by Stephen Tall on August 24, 2006
The Times today reports on the dressing down the Electoral Commission has given the Tory Party for failing to declare £36 million of loans:
In the three months to June, the Tories declared that they had taken out two bank loans totalling £2.8 million. But they made no mention of almost £16 million in outstanding loans to donors, plus a similar amount owed to banks. Nor did they mention the £4.5 million borrowed from Conservative associations and £200,000 from the Association of Conservative Clubs.
A party spokesman said that details of all “outstanding loans” had been published, but five months ago it announced that it had repaid £5 million to lenders who refused to be identified, some of whom were not registered to vote in Britain and therefore were unable to make conventional donations. …
The Electoral Commission criticised the Conservatives for not providing full details of all its outstanding loans, despite a voluntary agreement with all the main parties under which they would declare both existing and new loans before this becomes a legal requirement on September 11.
It suggested further that the Tories and Labour should have declared loans made to their local or regional parties. Of the main parties, only the Liberal Democrats did so, listing just over £100,000 loans to constituency organisations.
The Lib Dems have come in for a lot of stick from ‘certain right-wing blogs’ (newspaper code for Iain Dale and Guido Fawkes) in the last few months concerning Michael Brown, the Scottish financier currently facing nine years in jail, who donated £2.4m to the Party before the 2005 election.
But, despite all the innuendo, no-one has ever been able seriously to suggest that the Lib Dems acted in anything other than good faith when accepting the donation – and, as has become clear from subsequent events, Mr Brown gained nothing as a result of his gifts.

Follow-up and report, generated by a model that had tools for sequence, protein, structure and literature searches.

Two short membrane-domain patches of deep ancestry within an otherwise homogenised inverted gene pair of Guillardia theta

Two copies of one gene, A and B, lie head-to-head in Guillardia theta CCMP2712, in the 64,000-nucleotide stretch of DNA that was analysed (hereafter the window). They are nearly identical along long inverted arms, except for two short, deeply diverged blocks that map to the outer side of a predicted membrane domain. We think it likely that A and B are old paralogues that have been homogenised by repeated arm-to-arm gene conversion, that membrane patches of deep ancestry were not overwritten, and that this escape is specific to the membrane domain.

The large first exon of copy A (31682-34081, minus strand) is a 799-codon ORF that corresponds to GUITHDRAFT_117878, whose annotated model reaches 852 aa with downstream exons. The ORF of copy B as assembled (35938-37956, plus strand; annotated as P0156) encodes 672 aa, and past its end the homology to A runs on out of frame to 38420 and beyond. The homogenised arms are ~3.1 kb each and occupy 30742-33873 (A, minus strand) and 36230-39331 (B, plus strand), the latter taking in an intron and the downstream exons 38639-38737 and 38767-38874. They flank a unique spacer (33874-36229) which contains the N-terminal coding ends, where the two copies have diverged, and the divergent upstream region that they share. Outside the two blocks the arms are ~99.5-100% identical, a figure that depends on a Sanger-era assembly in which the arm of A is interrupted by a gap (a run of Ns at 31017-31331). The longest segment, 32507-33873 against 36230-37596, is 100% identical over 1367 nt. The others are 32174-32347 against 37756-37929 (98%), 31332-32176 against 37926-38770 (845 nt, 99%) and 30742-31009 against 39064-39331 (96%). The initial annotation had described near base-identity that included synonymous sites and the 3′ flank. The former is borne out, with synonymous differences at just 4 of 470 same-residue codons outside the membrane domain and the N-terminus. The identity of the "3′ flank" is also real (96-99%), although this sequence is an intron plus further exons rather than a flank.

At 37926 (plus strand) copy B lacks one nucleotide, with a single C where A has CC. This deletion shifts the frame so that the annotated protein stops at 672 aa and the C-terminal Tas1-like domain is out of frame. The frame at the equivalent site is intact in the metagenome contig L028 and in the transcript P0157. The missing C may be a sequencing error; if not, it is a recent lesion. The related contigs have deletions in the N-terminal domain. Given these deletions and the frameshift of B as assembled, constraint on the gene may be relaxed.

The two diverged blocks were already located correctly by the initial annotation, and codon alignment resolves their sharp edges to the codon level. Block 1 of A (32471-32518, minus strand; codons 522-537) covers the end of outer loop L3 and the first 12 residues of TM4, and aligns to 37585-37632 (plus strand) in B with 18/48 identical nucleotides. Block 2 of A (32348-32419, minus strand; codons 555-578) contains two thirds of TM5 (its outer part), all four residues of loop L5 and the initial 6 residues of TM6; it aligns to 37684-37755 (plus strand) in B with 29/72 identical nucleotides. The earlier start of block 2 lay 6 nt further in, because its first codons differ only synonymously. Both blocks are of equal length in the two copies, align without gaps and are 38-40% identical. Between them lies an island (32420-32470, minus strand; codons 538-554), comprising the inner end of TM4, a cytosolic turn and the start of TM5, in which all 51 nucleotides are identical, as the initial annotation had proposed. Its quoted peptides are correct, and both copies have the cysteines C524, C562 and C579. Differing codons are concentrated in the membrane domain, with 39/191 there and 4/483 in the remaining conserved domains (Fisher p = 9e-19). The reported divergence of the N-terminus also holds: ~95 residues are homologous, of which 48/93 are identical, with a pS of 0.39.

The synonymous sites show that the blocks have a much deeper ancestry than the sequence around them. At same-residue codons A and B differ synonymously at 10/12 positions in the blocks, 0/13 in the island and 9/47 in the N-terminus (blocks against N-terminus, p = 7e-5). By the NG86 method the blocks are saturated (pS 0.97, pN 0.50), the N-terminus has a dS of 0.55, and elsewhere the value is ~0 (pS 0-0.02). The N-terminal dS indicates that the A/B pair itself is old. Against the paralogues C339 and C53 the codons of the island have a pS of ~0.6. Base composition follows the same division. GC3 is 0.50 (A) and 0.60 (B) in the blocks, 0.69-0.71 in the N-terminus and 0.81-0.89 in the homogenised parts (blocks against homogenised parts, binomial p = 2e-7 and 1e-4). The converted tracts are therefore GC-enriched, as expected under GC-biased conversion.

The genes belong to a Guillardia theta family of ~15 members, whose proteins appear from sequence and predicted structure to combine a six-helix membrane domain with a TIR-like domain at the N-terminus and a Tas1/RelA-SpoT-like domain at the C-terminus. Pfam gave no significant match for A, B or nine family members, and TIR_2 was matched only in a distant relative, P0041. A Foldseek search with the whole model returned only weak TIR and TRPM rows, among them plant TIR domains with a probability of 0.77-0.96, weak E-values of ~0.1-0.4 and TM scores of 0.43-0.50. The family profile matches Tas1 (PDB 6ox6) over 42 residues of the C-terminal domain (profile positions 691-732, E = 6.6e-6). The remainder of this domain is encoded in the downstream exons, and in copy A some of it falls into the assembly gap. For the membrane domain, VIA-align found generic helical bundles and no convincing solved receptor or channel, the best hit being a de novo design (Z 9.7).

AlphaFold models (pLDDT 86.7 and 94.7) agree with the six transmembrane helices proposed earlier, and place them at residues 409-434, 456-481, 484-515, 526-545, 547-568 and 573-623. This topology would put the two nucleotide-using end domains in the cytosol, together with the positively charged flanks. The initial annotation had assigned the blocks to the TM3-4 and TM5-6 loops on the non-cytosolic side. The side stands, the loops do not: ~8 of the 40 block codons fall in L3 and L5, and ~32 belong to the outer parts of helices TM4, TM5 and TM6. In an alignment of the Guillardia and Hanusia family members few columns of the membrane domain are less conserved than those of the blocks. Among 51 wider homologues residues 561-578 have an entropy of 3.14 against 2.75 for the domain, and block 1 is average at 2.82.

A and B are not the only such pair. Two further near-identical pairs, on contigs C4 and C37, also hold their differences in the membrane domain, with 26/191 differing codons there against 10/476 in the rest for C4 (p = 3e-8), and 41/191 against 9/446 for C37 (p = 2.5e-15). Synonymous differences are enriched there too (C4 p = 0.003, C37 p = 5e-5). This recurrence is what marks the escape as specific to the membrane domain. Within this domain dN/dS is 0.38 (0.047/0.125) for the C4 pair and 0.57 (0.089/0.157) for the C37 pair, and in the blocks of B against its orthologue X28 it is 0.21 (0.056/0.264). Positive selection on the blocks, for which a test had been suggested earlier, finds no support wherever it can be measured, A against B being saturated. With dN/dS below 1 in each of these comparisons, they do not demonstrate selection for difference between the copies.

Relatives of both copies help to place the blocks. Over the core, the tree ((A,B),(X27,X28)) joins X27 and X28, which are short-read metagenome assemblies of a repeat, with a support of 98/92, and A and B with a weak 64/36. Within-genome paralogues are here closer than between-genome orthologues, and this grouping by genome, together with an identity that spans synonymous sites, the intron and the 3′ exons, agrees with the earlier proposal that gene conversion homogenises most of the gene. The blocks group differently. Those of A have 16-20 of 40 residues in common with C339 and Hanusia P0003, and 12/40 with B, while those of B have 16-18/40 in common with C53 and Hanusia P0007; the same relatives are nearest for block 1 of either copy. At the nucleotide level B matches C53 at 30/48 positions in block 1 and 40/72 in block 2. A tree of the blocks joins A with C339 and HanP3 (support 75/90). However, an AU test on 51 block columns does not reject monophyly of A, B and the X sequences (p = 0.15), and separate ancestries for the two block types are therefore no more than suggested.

The contrast between the Lib Dems’ full compliance and the other parties’ obfuscations could not be clearer: the Tory Party is deliberately withholding information on loans accepted prior to 1st April, while the Labour Party nervously awaits the next move by Scotland Yard’s assistant commissionaire, John Yates, who’s heading up the ‘cash for peerages’ criminal investigation.
The end result is, of course, that the reputations of party politics and of party politicians take yet another battering, with the public dismissing it all with a weary sigh of ‘a plague on all your houses’.
I am against any further state funding of political parties. But there is a third way, which I proposed here:
At general elections, all candidates are allowed an election communication, often called a ‘freepost’ – that is, one leaflet which is delivered free of charge to every elector in the constituency in which the candidate is standing. Why not extend this system? Perhaps allow up to three freeposts in any election campaign (local or general) to any candidate from any party? And maybe throw in a couple of paid-for party election broadcasts too.
Let’s help political parties to communicate with those they hope to represent. But let’s not give them free money, provided by the tax-payer, to do with as they wish.